Participation in the British Commonwealth Occupation Force (BCOF), marked the first time that Australians were involved in the military occupation of a sovereign nation, which it had defeated in war.
BCOF participation in the allied occupation force was announced on 31 January 1946. Planning and negotiations had been in progress since the end of the war, and the main body of Australian troops arrived in Japan on 21 February.
Up to 45,000 Australians served in BCOF, including an infantry contingent of 4,700, base units consisting of 5,300, an air force wing of 2,200 and 130 from the Australian General Hospital. The Australian Navy also had a presence in the region as part of the British Pacific Fleet. For two thirds of the period of occupation; the Commonwealth was represented solely by Australians, and throughout its existence BCOF was always commanded by an Australian officer.
The BCOF area of responsibility was the western prefectures of: Shimani, Yamaguchi, Tottori, Okayama, Hiroshima and Shikoku Island. BCOF headquarters were located at Kure. The army was encamped at Hiro, the RAAF at Iwakuni, and the naval shore establishment at the former Japanese naval base at Kure. At the peak of its involvement the Australian component of BCOF was responsible for over 20 million Japanese citizens and 57,000 sq. kilometres of country. Adjacent to the area of Australian responsibility were prefectures occupied by the 2 New Zealand EF (Japan), the British and Indian Division (Brindiv) and, further away, the US 8th Army.
The main Australian occupation component was the 34th Infantry Brigade, which arrived in early 1946, and was made up of the 65th, 66th and 67th Battalions. The RAN ships that served were: HMAS Australia, HMAS Hobart, HMAS Shropshire and the destroyers HMAS Arunta, Bataan, Culgoa, Murchison, Shoalhaven, Quadrant, Quiberon. The Landing Ships Infantry Manoora, Westralia and Kanimbla were used for transport.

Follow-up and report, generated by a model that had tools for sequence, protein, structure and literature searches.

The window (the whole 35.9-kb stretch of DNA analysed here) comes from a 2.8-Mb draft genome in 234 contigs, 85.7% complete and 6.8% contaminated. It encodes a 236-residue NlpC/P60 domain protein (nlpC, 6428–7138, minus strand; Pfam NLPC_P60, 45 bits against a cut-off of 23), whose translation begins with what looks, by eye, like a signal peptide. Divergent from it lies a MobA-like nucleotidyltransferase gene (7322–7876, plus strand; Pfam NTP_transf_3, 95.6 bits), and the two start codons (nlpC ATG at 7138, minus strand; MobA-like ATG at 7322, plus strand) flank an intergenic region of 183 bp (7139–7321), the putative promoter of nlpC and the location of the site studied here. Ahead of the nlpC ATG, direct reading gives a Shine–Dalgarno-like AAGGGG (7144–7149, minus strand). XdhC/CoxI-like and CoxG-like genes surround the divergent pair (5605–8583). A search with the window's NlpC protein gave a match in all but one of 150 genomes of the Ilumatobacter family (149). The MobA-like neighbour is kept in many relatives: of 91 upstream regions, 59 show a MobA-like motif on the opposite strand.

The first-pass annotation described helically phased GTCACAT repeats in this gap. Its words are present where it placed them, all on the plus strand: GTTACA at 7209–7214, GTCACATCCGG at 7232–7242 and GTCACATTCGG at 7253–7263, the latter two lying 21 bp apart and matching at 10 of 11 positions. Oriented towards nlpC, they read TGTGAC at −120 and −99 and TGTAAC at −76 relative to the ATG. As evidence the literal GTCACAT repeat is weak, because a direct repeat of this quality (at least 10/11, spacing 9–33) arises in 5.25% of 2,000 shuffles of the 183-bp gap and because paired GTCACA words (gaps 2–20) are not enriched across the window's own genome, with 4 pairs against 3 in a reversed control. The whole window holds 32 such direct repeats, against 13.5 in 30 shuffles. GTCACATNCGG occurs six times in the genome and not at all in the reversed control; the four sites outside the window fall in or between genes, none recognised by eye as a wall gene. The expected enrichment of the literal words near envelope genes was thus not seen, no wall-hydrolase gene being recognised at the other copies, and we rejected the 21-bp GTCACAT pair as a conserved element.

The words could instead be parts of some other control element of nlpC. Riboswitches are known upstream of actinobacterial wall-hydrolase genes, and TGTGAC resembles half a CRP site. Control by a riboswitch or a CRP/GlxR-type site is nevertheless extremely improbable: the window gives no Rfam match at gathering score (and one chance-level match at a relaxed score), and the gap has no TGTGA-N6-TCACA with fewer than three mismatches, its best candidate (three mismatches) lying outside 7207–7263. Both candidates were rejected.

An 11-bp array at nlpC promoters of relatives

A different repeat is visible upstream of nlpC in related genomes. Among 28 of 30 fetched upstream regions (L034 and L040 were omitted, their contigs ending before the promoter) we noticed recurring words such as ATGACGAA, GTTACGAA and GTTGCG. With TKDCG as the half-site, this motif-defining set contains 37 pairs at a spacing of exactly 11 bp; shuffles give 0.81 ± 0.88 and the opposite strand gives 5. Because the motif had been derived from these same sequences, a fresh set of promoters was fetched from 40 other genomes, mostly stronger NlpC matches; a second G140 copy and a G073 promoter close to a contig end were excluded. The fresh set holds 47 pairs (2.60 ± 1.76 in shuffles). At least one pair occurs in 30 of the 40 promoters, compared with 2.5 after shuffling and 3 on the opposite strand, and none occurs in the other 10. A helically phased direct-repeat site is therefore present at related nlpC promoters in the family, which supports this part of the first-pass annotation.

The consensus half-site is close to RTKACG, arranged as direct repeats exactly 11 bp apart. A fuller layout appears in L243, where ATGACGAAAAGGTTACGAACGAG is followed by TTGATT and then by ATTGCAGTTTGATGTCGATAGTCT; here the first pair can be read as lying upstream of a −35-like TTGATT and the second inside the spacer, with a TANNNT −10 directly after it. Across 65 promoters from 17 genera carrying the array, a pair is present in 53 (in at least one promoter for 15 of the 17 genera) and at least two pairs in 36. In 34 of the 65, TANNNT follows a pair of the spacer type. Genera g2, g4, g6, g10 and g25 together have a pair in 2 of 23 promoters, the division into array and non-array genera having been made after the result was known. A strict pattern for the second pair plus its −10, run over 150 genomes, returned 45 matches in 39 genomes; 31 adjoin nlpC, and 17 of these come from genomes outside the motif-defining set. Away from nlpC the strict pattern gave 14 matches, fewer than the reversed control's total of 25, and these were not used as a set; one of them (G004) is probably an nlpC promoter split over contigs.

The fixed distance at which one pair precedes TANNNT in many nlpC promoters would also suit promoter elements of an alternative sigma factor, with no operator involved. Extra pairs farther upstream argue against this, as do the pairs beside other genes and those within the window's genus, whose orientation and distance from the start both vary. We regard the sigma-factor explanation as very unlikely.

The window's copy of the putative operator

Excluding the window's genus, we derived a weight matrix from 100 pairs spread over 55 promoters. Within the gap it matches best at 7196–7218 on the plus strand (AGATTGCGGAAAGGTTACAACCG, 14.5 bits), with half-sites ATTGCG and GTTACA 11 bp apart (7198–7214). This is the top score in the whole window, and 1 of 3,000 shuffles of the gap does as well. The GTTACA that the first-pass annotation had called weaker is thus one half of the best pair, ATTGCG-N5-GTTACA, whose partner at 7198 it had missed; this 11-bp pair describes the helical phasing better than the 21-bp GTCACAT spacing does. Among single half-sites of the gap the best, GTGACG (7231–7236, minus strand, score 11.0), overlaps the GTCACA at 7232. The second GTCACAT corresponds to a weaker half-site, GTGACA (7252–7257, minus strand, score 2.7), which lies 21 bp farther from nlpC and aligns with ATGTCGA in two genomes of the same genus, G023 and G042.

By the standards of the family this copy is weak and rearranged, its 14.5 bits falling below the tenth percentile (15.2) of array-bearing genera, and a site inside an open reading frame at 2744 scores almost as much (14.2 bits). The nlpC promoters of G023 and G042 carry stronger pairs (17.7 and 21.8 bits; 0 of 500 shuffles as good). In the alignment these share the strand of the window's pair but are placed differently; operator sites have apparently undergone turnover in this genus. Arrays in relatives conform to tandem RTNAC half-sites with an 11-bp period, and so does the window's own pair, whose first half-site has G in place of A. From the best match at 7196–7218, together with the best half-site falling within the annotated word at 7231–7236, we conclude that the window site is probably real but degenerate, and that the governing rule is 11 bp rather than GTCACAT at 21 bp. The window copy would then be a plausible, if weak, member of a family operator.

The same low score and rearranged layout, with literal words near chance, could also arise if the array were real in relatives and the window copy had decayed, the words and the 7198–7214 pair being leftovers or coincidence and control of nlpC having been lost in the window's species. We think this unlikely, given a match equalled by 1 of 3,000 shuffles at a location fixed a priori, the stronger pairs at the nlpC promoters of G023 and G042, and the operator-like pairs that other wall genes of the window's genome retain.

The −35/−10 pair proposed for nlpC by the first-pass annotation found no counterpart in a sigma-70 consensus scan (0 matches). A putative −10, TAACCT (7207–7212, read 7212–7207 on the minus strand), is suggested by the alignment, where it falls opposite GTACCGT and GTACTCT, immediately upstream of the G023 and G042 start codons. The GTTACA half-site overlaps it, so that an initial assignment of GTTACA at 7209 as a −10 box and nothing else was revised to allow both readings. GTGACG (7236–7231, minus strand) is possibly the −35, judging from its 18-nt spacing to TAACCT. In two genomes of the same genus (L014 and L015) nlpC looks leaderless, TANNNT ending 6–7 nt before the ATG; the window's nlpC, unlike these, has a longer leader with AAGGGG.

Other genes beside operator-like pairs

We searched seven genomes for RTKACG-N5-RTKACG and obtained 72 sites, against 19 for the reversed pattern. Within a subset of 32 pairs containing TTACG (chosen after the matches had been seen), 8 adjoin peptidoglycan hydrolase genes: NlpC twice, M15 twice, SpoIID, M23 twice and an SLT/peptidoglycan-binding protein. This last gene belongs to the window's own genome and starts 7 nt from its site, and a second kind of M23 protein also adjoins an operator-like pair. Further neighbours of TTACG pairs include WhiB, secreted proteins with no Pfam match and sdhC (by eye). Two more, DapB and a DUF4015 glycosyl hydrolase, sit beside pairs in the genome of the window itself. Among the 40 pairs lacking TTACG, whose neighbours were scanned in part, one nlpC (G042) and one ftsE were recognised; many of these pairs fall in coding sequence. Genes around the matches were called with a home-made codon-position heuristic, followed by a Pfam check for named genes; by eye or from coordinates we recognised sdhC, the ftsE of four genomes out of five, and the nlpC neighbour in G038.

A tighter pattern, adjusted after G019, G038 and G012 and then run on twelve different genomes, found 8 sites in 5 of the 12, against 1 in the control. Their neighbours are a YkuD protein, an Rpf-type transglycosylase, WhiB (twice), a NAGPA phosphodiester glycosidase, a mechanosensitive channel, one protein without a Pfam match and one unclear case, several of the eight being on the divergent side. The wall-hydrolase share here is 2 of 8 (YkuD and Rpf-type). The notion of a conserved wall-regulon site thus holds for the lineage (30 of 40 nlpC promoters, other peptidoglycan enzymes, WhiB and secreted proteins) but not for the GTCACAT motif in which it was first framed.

The Australian air force component was stationed at Bofu, in Yamaguchi Prefecture. The RAAF Squadrons which served were No. 76, No. 77 and No. 82, all flying Mustangs. The airforce component of BCOF was known as BCAIR. By 1950 only one Australian squadron, No 77, remained in Japan.
In early 1947, BCOF had begun to decline from its peak of over 40,000 service personnel from the UK, New Zealand, India and Australia. By the end of 1948, BCOF was composed entirely of Australians. The force was dismantled during 1951, as responsibilities in Japan were handed over to the British Commonwealth Forces Korea.
Some personnel stayed on to serve in the Korean War. Members of No. 77 Squadron, for example, had their 'going home' celebrations interrupted by the news that they were to be sent immediately to Korea. BCOF ceased to exist on 28 April 1951, when the Japanese Peace Treaty came into effect.
Australia's role in BCOF
The primary objective of BCOF, was to enforce the terms of the unconditional surrender that had ended the war the previous September. The task of exercising military government over Japan was the responsibility of the United States forces. BCOF was required to maintain military control, and to supervise the demilitarisation and disposal of the remnants of Japan's war making capacity. To this end, Australian army and air force personnel were involved in the location and securing of military stores and installations.
The Intelligence Sections of the Australian battalions were given targets to investigate by BCOF Headquarters, in the form of grid references for dumps of Japanese military equipment. Warlike materials were destroyed and other equipment was kept for use by BCOF, or returned to the Japanese. The destruction or conversion to civilian use of military equipment was carried out by Japanese civilians under Australian supervision. Regular patrols and road reconnaissances were initiated, and carried out in the Australian area of responsibility as part of BCOF's general surveillance duties.
The RAN component of BCOF was responsible for patrolling the Inland Sea to prevent both smuggling and the illegal immigration of Koreans to Japan. In this task they were assisted by the RAAF whose aircraft were also involved in tracking vessels suspected of smuggling or transporting illegal immigrants. RAAF squadrons also flew surveillance patrols over each of the prefectures in the BCOF zone in order to help locate left over weapons and ordnance.
By the end of 1946 the task of demilitarising Japan was requiring less effort and the nature of BCOF's duties was changing. From then on, guard duties and training began to take up more of the occupying forces time.
Thumbnail image: General Eichelberger inspects the Australian Guard of Honor at Kure, British Commonwealth Occupation Force Headquarters. 1946. US Army.